“I misread a tweet from the Irish Embassy in Lisbon last year and thought someone had already started a team,” he admits. Several introductions later, including to the Irish Ambassador Orla Tunney and Kochen, and they were soon training.

Just as for Kochen, the stress on the community is also what Gaelic games are all about for Hickson.

“A lot of Irish culture is based around links to your local club or county team. When you go to a match, you can passionately support your team but both sets of fans are mixed in the stands and after the final whistle everybody socializes together, discusses the match, etc.,” he says. “And, it’s an easy game to pick up. It’s kind of a mix between basketball and soccer, so if you have played either of those sports you’ll find the transition easier.”

“The training sessions are free and open to everyone,” Hickson says. “The youngest player so far was 12, the oldest was 60 years old. We are hoping to beat those records this weekend. Seventy percent of the players had never played before joining the club. The breakdown of nationalities is 30% Irish, 30% Portuguese, the final 40% are Brazilian, French, English, Italian, Scottish, Spanish, Galician, American, Argentinian, Ukrainian, Moldovan.”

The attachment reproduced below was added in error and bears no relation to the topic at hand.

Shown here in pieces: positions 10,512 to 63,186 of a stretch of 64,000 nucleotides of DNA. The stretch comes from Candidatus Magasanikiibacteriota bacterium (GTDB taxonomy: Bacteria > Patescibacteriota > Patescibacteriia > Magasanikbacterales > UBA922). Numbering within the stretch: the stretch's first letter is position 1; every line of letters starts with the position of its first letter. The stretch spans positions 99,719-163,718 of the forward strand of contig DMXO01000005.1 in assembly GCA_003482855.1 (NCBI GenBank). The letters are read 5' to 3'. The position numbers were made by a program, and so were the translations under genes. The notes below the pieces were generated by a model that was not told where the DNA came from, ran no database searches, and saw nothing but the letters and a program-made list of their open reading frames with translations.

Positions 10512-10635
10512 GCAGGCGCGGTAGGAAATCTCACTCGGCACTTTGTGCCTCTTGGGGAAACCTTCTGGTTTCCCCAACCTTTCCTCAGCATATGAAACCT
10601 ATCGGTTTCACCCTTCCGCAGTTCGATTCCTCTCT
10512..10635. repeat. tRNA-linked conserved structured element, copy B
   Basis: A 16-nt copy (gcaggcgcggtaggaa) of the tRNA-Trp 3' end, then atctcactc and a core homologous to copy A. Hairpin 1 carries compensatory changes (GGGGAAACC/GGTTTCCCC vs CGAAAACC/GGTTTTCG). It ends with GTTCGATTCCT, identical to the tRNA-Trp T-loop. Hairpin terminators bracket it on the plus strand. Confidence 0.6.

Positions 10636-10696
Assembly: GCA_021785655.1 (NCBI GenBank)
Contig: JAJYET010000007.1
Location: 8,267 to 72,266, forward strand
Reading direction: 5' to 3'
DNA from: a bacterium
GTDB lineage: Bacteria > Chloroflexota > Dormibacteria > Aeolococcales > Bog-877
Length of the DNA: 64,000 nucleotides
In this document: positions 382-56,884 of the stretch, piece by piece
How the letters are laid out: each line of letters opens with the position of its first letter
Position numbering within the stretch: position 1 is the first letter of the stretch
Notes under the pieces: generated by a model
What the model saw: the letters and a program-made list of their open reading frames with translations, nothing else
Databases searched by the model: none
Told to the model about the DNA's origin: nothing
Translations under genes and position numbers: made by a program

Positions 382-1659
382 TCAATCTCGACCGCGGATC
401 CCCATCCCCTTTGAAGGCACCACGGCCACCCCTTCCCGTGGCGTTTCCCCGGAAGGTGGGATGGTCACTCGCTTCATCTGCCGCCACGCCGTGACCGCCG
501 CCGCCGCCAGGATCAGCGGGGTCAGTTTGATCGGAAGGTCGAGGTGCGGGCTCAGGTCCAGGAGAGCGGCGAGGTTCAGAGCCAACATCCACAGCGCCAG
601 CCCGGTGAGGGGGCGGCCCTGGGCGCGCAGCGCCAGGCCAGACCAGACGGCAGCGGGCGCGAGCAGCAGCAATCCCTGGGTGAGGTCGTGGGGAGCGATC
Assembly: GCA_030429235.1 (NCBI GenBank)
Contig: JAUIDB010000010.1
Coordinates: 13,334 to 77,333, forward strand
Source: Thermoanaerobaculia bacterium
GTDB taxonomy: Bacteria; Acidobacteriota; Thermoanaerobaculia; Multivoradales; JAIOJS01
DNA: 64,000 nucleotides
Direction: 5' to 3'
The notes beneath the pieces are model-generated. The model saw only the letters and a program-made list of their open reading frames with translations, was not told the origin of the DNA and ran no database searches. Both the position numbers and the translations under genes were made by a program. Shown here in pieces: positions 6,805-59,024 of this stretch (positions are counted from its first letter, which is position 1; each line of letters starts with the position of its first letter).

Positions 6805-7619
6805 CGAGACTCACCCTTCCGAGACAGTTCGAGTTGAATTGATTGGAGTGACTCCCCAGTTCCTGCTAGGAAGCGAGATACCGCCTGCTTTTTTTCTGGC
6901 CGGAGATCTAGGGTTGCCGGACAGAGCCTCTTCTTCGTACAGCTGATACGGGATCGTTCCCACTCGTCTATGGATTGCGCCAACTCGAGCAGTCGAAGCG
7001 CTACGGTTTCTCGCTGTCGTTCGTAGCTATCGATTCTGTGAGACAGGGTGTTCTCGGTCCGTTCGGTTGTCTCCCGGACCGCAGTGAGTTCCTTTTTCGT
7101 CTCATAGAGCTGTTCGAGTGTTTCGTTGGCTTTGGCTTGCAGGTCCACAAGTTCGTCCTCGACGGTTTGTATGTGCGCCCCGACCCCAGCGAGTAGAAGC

“The toughest thing people find when learning Gaelic Football is picking up the ball — in the men’s game, you need to put your foot under the ball and flick or lift it in to your hand, you can’t just pick it up off the ground,” he says. “The question we have been asked most is, ‘Can you header the ball?’. The answer is yes, but why would you bother when you can punch the ball instead?”

Come see it all come together at the Saturday event. Wanna play? The LX Celtiberos train every Monday night in Belém, and on Fridays in St. Julian’s Carcavelos, on the beach in Carcavelos, or in Belém. See the schedule at or the GAA Facebook Page.